As college students, we sometimes dream about what life after college will be like, and the dreaming most definitely includes dreaming about having a full-time salary rather than the low paying, part-time jobs we currently have. When we start our full-time jobs, at first, we are thrilled to be making more money than previously, but it doesn’t take long to realize the large gap between our position and the CEO of the company. In Ruth Umoh’s article for CNBC, she writes, “According to a report from the Economic Policy Institute, the average CEO pay is 271 times the nearly $58,000 annual average pay of the typical American worker.” This fact might make several of us frustrated or confused at the possible injustice, but let me take a moment to explain just a bit of the history behind this rise in salary. Understanding this will help us to make a difference in businesses where injustices are occurring and maybe someday, to create businesses that are different, where employees can tell that their supervisors genuinely want to help them succeed in life.
While it does make sense for a CEO to have a higher salary when one considers the amount of work it takes to climb the corporate ladder or to start a business, there is still more to the history of the rise in CEO salaries. Back in the 1930s, businesses needed ways to increase their stock value quickly. These businesses discovered that by repurchasing (or “buying back”) their company’s stock, they could increase the stock price because of the new limited supply. Previously, most stock price increases resulted from new products and innovations from companies that generated excitement for investors. Stock buybacks produced a loophole through simple supply and demand principles to artificially increase the stock price. However, these buybacks came to a halt with the Securities and Exchange Commission of 1934, which gave the government the ability to have companies stop the manipulation of stock prices and insider trading.
Without the option to buy back their stock, companies were left with the opportunity to use that money to reinvest in factories, increase wages, or give dividends to investors. The SEC was successful in scaring businesses away from stock manipulation, and for a while, worker wages increased steadily with productivity increase as well. From the 1930s until the 1970s, CEO compensation remained relatively stable (Frydman & Saks).
This situation all changed when President Reagan appointed John Shad as the SEC chair in 1981. In 1982, Shad allowed companies to buy back stock from investors once again. The incentive for businesses to have buybacks increased as CEOs started to earn bonuses under the condition that the company’s stock price went up. Since stock buybacks increase stock prices, CEOs began the practice once again. This caused executive compensation to increase by 5.6 percent in the 1980s and by 18.5 percent in the 1990s (Frydman & Saks).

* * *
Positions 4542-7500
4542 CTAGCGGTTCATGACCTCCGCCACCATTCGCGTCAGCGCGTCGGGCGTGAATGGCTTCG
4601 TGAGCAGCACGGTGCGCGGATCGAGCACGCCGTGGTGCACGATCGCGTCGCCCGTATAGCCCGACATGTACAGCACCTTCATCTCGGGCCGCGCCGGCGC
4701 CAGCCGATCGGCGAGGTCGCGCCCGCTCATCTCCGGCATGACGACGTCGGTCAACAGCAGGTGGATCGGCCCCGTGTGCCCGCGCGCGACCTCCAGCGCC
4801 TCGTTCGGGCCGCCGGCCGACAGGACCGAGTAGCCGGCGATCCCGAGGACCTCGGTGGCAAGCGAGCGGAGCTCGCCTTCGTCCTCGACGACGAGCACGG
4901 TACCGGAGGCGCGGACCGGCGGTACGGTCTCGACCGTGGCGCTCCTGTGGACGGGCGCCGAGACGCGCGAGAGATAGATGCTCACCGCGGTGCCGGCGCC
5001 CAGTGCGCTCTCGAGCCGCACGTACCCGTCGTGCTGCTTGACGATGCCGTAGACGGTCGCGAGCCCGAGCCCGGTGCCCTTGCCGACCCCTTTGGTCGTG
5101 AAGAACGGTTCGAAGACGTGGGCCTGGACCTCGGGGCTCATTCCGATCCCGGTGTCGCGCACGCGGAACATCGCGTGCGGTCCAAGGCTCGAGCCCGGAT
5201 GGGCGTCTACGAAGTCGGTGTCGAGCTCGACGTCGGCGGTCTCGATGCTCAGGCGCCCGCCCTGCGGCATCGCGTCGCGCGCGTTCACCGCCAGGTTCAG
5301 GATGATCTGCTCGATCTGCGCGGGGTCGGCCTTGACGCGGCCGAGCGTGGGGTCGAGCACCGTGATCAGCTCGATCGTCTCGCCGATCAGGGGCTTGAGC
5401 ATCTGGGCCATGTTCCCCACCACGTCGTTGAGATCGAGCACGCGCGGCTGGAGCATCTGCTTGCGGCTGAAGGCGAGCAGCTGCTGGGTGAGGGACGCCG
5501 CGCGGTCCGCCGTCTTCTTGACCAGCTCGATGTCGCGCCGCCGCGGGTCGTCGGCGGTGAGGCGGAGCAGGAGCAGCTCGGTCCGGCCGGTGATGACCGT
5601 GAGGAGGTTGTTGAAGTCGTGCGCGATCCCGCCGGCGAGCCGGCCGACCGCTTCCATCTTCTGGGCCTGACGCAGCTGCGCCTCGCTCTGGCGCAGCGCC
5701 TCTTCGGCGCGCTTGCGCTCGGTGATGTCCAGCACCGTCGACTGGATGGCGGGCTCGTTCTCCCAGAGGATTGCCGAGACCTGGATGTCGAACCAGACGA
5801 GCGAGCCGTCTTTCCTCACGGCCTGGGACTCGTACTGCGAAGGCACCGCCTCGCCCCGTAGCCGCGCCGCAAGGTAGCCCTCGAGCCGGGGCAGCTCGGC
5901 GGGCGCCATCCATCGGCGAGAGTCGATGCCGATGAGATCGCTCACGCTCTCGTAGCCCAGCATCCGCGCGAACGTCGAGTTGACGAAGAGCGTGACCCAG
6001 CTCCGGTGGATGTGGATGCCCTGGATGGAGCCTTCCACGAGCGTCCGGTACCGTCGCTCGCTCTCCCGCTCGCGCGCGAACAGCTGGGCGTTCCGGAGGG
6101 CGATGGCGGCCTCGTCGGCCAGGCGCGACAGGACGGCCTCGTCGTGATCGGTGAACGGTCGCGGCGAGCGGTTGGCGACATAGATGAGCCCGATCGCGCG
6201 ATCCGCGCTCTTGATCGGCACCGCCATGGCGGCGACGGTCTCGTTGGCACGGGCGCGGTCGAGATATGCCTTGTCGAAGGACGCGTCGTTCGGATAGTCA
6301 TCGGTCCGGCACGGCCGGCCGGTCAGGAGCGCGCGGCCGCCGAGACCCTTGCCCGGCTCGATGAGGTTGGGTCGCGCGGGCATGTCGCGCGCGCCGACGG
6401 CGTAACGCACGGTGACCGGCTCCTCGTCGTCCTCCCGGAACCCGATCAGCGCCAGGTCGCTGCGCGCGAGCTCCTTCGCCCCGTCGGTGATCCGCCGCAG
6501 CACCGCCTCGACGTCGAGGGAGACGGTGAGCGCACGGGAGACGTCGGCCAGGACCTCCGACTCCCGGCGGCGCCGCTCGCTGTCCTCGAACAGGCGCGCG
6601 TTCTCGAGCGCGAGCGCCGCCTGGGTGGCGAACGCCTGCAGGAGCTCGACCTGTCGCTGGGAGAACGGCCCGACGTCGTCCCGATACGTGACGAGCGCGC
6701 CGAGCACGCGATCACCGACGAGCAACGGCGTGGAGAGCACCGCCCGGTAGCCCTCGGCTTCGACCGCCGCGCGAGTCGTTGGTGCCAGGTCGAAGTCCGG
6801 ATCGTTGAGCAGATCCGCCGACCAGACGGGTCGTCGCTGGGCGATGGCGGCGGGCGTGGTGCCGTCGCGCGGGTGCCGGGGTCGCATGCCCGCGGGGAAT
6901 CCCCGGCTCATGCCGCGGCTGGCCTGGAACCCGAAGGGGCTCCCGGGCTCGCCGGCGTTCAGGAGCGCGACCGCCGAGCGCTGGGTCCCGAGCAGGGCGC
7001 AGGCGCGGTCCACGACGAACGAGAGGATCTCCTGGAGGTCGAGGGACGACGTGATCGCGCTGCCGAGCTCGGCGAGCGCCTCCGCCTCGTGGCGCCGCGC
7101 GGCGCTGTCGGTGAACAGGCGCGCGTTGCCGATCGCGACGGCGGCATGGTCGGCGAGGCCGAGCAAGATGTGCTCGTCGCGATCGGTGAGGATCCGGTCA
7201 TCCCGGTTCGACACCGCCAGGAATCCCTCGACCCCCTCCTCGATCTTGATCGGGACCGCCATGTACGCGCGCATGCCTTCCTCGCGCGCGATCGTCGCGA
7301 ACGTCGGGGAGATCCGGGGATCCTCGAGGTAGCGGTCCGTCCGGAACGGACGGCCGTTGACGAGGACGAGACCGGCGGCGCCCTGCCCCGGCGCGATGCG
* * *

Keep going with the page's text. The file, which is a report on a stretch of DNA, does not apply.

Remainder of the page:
Unfortunately, when a company uses funds for stock buybacks, less is allocated for reinvestment in factories or wage increases for workers. Over time, this has caused some factories to go out of business from the fund allocation to stock buybacks. This loss of jobs, in turn, impacts local communities and businesses as the average worker no longer has the compensation for living the lifestyle to which they had grown accustomed.
There is no doubt that most CEOs deserve higher compensation that aligns with their greater responsibility but as Christians, it is important for us to combat the injustices that our society is facing through love, grace, and knowledge of the situation before us. I would encourage you to take some time to consider what your part is. By increasing reinvestment in factories or wages to workers, CEOs might have the power to increase the wealth of the whole business. In your future roles, will you allow workers on the floor to join the corporate boards to provide their insight? Or will you start a business where you ask yourself, “How much is enough” for the CEO? What might your role be?
Frydman, C., & Saks, R. E. (n.d.). Historical Trends in Executive Compensation. Retrieved from https://web.stanford.edu/group/scspi/media/_media/pdf/Reference%20Media/Frydman%20and%20Saks_2005_Elites.pdf.
Umoh, R. (2018, January 22). CEOs make $15.6 million on average-here’s how much their pay has increased compared to yours over the year. Retrieved from https://www.cnbc.com/2018/01/22/heres-how-much-ceo-pay-has-increased-compared-to-yours-over-the-years.html
Vox. (October 2019) How American CEOs got so rich. Retrieved from https://www.youtube.com/watch?v=ylLTMYt24lA